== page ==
Trying to find the ROI behind customer experience investments might be a tricky time to time. Here is one approach that is based on vast studies about companies that excel in listening to their customers and taking that information back to their business to improve it.

Let’s start by analyzing the difference in value between your detractors and promoters. Here, NPS typically has a very high correlation with retention: the happier the customer, the more loyal they are and therefore the more revenue they generate for you during their customer lifetime.

You should look at your customer’s behavior in history. Of the promoters, which you had 1 year ago, how many of them have stayed? How many have left? Most likely these numbers are very different for the detractors.
When you have, based on the historical data, established a clear link between your customer experience metric and churn rate, you can immediately start to understand how big of a financial impact your X-point NPS increase has. A study done in London School of Economics in 2005 found that 7 point NPS increase led to an average 1% revenue increase.

But you shouldn’t assume industry averages apply to you directly.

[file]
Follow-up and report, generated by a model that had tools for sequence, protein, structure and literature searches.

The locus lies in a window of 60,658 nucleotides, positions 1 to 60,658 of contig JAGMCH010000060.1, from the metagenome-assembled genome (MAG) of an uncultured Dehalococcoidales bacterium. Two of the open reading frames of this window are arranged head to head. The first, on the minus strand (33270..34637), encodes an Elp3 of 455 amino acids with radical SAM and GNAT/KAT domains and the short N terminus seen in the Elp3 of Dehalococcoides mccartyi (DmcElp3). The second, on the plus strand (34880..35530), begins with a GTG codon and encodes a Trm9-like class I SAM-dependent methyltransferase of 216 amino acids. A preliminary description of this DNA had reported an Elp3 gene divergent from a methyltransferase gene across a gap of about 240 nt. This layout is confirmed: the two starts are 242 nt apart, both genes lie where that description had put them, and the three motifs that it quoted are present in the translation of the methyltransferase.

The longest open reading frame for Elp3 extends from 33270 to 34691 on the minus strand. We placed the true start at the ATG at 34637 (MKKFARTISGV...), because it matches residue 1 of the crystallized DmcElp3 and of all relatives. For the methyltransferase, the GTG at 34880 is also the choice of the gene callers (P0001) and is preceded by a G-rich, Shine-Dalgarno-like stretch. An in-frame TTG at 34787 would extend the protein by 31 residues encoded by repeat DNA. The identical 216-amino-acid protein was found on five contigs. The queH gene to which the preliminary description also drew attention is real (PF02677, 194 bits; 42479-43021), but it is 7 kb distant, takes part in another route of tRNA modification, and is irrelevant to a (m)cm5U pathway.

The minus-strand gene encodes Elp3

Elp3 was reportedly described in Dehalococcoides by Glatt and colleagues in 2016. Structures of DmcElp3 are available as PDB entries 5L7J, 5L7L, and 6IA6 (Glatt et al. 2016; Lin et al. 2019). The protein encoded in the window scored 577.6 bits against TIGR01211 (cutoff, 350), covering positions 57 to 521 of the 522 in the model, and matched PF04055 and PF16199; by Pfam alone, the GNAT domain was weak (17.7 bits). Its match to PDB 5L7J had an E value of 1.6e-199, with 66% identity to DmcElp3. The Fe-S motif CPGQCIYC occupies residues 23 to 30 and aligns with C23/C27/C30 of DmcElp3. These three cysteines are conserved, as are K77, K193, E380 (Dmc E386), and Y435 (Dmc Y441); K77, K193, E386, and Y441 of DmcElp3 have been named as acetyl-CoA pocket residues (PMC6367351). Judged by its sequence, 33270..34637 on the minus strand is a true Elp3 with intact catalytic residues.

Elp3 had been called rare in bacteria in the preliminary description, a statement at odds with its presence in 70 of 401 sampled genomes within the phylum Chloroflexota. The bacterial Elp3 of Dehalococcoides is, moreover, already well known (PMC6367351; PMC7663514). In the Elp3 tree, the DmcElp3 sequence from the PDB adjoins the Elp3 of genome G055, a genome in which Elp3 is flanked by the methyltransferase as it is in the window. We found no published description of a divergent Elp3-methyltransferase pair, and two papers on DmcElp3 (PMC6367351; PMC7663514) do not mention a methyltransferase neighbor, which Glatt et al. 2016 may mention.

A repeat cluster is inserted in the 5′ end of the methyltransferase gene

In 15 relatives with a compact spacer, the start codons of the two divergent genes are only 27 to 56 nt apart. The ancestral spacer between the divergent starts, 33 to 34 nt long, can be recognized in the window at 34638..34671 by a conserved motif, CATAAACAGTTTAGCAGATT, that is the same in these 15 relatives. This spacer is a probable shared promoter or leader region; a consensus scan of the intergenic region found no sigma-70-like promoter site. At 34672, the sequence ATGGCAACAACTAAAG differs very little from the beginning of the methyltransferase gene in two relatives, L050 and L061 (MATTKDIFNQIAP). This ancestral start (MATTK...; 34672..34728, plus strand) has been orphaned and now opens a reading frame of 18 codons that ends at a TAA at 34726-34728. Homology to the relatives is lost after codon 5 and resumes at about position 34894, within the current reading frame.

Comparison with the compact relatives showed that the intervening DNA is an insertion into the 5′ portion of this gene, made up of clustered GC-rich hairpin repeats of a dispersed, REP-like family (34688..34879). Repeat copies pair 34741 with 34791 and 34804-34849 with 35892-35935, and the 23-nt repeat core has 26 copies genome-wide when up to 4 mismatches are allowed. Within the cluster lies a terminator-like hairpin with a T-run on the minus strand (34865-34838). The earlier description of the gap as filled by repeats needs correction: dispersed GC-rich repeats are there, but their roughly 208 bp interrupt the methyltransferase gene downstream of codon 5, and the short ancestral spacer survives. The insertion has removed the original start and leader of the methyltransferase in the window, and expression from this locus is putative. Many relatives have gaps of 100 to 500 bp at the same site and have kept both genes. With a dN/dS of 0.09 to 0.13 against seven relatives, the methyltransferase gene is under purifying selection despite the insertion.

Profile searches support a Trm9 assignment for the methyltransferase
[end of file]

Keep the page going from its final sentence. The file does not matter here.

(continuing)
There are huge industry-specific differences – in competitive industries, customer experience differences easily lead to a situation, where your customer decides to switch vendors. In industries, where consumers have very limited choice, they can stay as your customer for a long time even if they hate you. In B2B the user and buyer can be different persons and the decision-making dynamics therefore complex. Therefore, I warmly recommend knowing your own numbers.

Keep in mind that there are also other ways the customer experience improvement impacts your bottom line. Higher NPS typically correlates with higher advocacy, which brings you more customers and revenue. Your most loyal customers also typically buy more from you. You have a chance to up-sell and again increase your revenue.

The benefit can result from the cost savings as well. The higher your NPS, the smaller the number of customer complaints and returns. This can make you save in customer support and repair costs.

To summarize, there are some standard ways through which NPS improvement (or customer satisfaction increase) translates to financial value. You should quantify at least some of these for your company. Once you have done that, you have a good understanding of what is the financial value of one-point NPS increase – that makes it easy to assess, whether a particular action targeted to drive the NPS up, makes sense or not.

As conclusion, we could say that this model will give you a head start on how to see the financial benefits around NPS. Again not a comprehensive model but will help you out!